Particle MESH - Node Quantity Limit?

Do we know at this point or have any working examples out there where we have 50 to 200 Xenon nodes successfully working together.

I have a project that I want to demo that would require multiple Argons to tap into existing wifi & Borons for backup placed at the ends and middle of large buildings.

These buildings will have multiple rooms side by side so MESH from room to room should not be a problem. See the diagram below for building layout example, disregard the green dots.

The quantity of the rooms could go from 50 to 200+ and this would require a high availability Particle Plan which is fine.

Have the MESH devices been successfully tested yet where the Xenon nodes were in the 50-200+ unit range?

Are there any known Xenon quantity limitations if we can use multiple Argon gateways?

I know we will have more feedback from the community soon as they receive their orders and try to do similar things but I wanted to see if anybody has any experiences they can share who have already received and used the MESH devices the rest of us are waiting on.

I know a lot of these questions have been asked in the past without any solid answers, but since we have reached the point of shipping, I figured there will be more concrete answers about what is and is not possible.

my guess would be it might be entirely dependent on what each Xenon is tasked to do. Reason being is there is bound to be an overall total bandwidth issue so if you have 50 xenons transferring alot of data very frequently you might run into effectiveness issues that you otherwise would not see with 75 Xenons not do very much, say under 50% of the transfers of the 50 xenons.

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@RWB, I wish I had 200 Xenons to test with! Don’t assume room-to-room communications “should not be a problem”. A lot of factors can affect the signal, including a very busy 2.4GHz spectrum. You will need to do some testing. A lot of demos I’ve seen had the mesh devices in hallways or open space and no more than 20-30ft apart. I suspect the heaviest load will be on the the gateways. As of the current firmware, there is no “sleepy node” capability for Xenons so they act as both nodes and relays. My guess is the Xenons with the most “neighbours” will be the devices to be careful with. I am not sure what the optimum “neighbour” number is but I suspect no more than 4 is ideal.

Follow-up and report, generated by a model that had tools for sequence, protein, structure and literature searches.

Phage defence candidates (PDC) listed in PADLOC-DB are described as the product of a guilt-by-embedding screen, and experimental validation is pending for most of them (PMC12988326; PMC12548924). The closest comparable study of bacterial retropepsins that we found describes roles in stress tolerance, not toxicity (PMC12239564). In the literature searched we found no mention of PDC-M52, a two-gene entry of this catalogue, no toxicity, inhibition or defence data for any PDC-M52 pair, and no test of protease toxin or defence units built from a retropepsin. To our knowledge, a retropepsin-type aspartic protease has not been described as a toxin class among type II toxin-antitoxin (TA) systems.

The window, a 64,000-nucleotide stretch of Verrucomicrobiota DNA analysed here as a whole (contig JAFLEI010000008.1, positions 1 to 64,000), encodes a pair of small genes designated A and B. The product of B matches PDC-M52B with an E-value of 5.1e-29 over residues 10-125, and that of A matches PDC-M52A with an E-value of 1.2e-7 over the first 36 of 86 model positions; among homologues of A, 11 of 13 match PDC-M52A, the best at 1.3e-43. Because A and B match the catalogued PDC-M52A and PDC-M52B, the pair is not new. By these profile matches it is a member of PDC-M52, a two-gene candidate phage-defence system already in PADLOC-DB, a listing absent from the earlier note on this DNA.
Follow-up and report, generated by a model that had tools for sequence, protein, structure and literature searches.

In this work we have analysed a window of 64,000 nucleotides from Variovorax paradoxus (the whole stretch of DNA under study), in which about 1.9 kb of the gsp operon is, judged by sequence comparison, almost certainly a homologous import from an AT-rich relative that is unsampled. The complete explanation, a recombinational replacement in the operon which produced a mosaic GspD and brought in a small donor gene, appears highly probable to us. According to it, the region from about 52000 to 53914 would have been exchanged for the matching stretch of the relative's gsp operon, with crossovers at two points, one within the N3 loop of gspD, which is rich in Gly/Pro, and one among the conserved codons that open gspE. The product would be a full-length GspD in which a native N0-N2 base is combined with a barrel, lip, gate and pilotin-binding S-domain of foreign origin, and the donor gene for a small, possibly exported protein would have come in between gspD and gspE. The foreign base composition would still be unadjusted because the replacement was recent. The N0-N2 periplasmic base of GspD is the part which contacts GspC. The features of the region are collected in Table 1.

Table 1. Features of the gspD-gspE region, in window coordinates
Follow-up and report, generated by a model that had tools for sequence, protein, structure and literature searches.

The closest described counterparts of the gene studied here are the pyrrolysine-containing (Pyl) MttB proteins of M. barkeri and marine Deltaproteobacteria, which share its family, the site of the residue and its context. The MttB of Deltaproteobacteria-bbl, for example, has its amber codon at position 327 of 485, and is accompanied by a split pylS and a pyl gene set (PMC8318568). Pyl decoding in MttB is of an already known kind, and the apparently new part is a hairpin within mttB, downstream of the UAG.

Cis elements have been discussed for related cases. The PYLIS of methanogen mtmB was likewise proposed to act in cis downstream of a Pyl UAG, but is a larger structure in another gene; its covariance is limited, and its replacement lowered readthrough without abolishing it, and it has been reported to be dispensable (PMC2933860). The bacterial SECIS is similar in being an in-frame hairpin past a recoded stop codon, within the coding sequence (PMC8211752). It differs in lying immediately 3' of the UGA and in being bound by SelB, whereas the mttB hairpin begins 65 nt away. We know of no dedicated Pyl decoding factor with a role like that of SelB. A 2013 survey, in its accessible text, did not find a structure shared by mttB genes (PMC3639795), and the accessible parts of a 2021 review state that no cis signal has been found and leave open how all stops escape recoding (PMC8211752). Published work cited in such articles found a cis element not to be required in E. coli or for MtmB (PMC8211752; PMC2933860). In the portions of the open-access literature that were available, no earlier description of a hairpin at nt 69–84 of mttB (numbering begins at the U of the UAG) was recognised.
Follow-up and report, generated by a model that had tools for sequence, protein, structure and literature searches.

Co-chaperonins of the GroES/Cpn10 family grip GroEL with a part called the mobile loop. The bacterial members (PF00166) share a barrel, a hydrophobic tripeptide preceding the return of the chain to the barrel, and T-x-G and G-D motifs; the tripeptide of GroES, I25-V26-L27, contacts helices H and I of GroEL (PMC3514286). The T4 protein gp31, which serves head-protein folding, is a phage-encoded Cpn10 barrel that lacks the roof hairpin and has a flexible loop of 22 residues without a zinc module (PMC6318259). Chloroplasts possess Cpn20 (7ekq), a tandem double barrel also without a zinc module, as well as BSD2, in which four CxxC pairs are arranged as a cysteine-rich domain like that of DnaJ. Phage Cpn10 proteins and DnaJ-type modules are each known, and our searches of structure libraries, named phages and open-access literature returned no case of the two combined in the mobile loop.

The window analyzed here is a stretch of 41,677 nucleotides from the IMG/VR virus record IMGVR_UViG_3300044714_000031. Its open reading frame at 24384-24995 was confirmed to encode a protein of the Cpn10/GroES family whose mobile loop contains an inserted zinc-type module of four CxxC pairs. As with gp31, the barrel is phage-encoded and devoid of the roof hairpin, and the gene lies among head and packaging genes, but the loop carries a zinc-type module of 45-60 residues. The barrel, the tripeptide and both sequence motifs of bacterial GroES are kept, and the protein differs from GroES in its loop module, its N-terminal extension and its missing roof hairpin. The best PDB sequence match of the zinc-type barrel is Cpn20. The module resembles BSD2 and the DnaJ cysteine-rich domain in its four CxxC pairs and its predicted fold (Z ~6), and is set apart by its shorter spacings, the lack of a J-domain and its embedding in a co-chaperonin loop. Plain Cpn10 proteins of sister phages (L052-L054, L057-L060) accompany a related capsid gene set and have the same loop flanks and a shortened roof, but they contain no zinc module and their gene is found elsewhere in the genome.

Intra-mesh traffic will need to be considered as it will hit every node (UDP broadcasts) so as not to flood the mesh. Also, out-of-mesh traffic going through the gateway will need similar consideration. In my design for a mesh-based weather forecast display, only the gateway published a webhook, collected the data and published it to the mesh in a much smaller “packet”. That way the mesh isn’t flooded with nodes doing webhooks, etc. So mesh requires a different approach than one might do with a bunch of Photons. After all, mesh data rates are low compared to WiFi (250Kbps vs a lot more!).

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I can’t share the details yet, but yes, it is possible to make a network of that size. Whether it’s a good idea or not has not been determined.

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Thanks for the feedback guys.

The data will be very low. Data will only be sent when a specific event occurs and it will sit idle when there is no event to trigger the data to be broadcast.

I suspect we will need to send an alive notification ping every day to verify all nodes are alive and have good battery power but not much more than that.

Interesting about only having 4 nodes together but if their range is only 20-30 feet than that is less of an issue.

@RWB, this is only a personal assessment based on my engineering experience. I look forward to seeing @rickkas7’s finding.

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perhaps @RWB you can start testing.

Posted how to connect multiple Argons and Xenons

Video coming, presently only for mac or linux, working on a cloud solution